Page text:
Building the town end

By Ricki Carver

We are not certain on the exact houses being built.

Photo: Illustrative image for the 'NORMAN ROAD' page
This page was added by Ricki Carver on 31/07/2011.
Comments about this page

The HSE would would have had a field day if they had been around then. Those aprons would have to go. The rubble on the ground is a trip hazard and I wouldn't want to be working on that scaffold, it doesn't look as though there is a guard rail, and that ladder looks a bit too upright, but it would be alright for Fred Dibnah. Where are the hard hats? but for all that I bet they were all good time-served tradesmen though. Unlike some of the people who I worked with before my retirement. After a six month course at college they think they can do the job when in fact very few of them can. Sorry will get off soap box now, I am just glad that I am retired.

By Terry Howard
On 16/08/2011

I would have thought that the men in aprons were "chippies". wasn't that "dress" the norm for them to wear? We certainly always had to wear aprons in woodwork class at school. As for the scaffolding, lashed timber pole scaffolding is still used in some continental countries today without any trouble, and anyway there have been several occurrences of modern steel tube scaffolding collapsing in this country even with the HSE around

On 16/08/2011

Yes, I always had to wear an apron when I was an apprentice. These days on big sites they don't like you wearing anything that can flap about. On some sites they don't like shorts or even short sleeve shirts. My sister-in-law and her husband live in Hungary, they don't have scaffold on re-roof jobs there, they lean a ladder on the gutter, climb on the roof and start work and on housing estates they still use wooden scaffolding with no guard rails. We have travelled all round the country and it's the same everywhere. They do however use lightweight scaffold towers on the high rise blocks and for working on the Cathedrals, but it still doesn't look very safe. As you say though, there have been collapses over here, I was on one a few years ago, not a nice feeling. I will see if I can find my photos of the Hungarians working just to compare with this scene. By the way Hungary is a fantastic place to visit, I can't wait to go again. The food is great.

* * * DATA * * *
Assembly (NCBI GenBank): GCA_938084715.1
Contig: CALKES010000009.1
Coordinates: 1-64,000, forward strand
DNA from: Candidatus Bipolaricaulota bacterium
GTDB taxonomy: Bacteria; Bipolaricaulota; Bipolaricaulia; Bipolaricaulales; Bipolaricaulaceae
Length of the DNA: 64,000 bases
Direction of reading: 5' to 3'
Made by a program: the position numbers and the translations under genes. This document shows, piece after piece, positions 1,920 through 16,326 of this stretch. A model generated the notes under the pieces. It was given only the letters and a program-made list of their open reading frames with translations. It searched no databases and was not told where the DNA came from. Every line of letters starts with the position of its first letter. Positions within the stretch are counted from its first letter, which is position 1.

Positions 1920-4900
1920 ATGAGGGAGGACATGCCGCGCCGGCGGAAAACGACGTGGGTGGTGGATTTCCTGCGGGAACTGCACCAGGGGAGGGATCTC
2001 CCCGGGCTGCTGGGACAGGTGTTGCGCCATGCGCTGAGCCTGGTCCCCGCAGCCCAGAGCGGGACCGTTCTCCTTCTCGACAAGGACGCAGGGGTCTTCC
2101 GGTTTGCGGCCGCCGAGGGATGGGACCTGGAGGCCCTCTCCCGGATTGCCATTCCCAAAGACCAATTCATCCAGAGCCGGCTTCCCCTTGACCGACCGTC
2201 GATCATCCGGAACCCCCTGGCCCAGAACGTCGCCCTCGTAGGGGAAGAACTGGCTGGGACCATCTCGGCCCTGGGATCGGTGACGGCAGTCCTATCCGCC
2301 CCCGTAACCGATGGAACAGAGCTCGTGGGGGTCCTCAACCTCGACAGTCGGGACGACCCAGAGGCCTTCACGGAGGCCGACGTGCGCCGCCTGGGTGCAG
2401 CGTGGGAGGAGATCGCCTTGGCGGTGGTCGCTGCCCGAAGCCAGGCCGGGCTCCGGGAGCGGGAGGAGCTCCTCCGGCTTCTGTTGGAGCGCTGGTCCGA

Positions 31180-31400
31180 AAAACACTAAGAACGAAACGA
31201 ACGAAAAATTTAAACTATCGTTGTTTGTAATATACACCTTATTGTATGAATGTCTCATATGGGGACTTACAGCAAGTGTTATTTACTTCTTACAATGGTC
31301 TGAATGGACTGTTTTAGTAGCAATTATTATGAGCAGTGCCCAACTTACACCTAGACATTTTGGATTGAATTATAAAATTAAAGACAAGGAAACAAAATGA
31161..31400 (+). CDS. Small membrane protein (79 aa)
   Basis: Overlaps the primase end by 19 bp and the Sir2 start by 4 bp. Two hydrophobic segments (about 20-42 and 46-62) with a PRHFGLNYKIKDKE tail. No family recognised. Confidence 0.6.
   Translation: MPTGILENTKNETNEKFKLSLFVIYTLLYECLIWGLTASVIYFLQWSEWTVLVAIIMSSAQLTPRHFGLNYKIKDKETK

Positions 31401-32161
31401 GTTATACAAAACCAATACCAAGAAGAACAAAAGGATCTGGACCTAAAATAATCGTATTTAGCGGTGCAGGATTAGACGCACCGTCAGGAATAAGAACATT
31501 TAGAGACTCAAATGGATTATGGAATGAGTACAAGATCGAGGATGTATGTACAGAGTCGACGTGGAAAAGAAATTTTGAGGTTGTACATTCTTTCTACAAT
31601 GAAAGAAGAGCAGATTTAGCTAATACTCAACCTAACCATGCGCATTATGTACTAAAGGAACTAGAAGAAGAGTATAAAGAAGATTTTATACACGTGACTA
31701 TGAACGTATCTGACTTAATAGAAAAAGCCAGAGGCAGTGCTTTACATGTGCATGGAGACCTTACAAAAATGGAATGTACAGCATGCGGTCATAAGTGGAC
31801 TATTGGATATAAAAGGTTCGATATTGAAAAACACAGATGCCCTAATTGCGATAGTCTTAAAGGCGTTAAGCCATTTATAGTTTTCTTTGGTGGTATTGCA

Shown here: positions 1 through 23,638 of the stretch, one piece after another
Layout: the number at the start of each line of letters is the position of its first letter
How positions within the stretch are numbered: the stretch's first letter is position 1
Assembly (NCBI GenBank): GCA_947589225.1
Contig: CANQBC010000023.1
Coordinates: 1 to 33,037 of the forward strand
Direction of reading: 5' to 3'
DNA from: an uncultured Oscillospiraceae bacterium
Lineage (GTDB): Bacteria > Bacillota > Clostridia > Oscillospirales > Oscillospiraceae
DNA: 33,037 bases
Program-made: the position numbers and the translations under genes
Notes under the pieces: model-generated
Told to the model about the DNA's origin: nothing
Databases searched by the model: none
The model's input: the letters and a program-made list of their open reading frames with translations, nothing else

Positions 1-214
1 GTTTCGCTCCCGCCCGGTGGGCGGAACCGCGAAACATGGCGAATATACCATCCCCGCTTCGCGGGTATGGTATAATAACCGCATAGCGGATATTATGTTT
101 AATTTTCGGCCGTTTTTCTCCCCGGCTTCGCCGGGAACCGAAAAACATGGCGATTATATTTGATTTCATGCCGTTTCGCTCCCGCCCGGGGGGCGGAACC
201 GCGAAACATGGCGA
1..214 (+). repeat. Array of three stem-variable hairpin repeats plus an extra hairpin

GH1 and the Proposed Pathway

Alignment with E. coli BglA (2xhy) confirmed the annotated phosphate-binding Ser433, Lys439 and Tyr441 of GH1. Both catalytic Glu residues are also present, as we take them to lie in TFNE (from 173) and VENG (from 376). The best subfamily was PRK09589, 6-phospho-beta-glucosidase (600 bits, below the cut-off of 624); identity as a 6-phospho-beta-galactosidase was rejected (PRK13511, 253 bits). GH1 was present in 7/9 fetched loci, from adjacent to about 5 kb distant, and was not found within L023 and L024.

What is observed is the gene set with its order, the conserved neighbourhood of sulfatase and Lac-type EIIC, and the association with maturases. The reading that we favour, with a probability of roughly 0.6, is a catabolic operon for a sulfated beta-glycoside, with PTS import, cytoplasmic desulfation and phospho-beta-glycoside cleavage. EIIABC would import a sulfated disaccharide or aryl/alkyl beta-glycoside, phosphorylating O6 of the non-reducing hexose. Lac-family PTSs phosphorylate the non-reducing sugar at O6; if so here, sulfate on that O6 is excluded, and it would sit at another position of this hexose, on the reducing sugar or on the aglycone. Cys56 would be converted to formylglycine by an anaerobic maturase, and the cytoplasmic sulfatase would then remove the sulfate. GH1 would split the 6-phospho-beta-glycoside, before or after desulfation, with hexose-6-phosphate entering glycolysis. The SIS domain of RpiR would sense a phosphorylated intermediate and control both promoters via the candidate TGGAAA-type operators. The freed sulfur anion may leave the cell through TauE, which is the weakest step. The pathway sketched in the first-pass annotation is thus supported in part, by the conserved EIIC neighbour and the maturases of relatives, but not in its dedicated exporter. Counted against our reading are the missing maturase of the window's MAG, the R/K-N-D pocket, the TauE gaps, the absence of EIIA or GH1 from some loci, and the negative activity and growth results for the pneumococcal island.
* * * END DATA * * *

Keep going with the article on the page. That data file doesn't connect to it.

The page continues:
By Terry Howard
On 19/08/2011

This photo was taken in the early 1920's and shows my Grandfather, Thomas William Novis (third from left) and his crew.  His son Hugh Novis, is fourth from right in dark waistcoat.  Our oral history credits Tom Novis with most of the construction of Norman Road. 

Sorry, can't identify the others.

Note from editors:-  Sorry Terry this picture is the building of the east side of Norman Road and was taken in 1902. The road was completed by 1908.

By Terry Mitchell, Australia
On 26/02/2015

Does anyone know how I could get a copy of this photo?  I’ve just done extensive work on my own house in Norman Road and would love to add this picture in to my own story book on my project.

Details of how to obtain a copy can be found HERE

John - Editor

By Patricia Reber
On 07/10/2021

I'm interested that you have researched your house in Norman Road Patricia. I'm currently writing my memoirs, and I was born at 26 Norman Road in 1954 and lived there until I left home in 1973. If I can be of any help, do get in touch.

By Alan Terrill
On 12/11/2021

Was the construction of housing on Norman and Saxon roads a planned development by one company, or was it done in blocks or stages by several builders ? The reason I ask is that I was born in Meeching Road, and owned a house in South Road. Both of these roads seem to be made up of groups of 4 to 6 houses built to the same design, and then there'll be another small group attached in a terrace to another design, and then so-on. I grew up in Fort Road where there were the original 5 double fronted Edwardian houses - #s 40 - 48 - built for the builder and his family and then the remainder were single fronted versions of the same design.

By Rob Patten
On 18/11/2021

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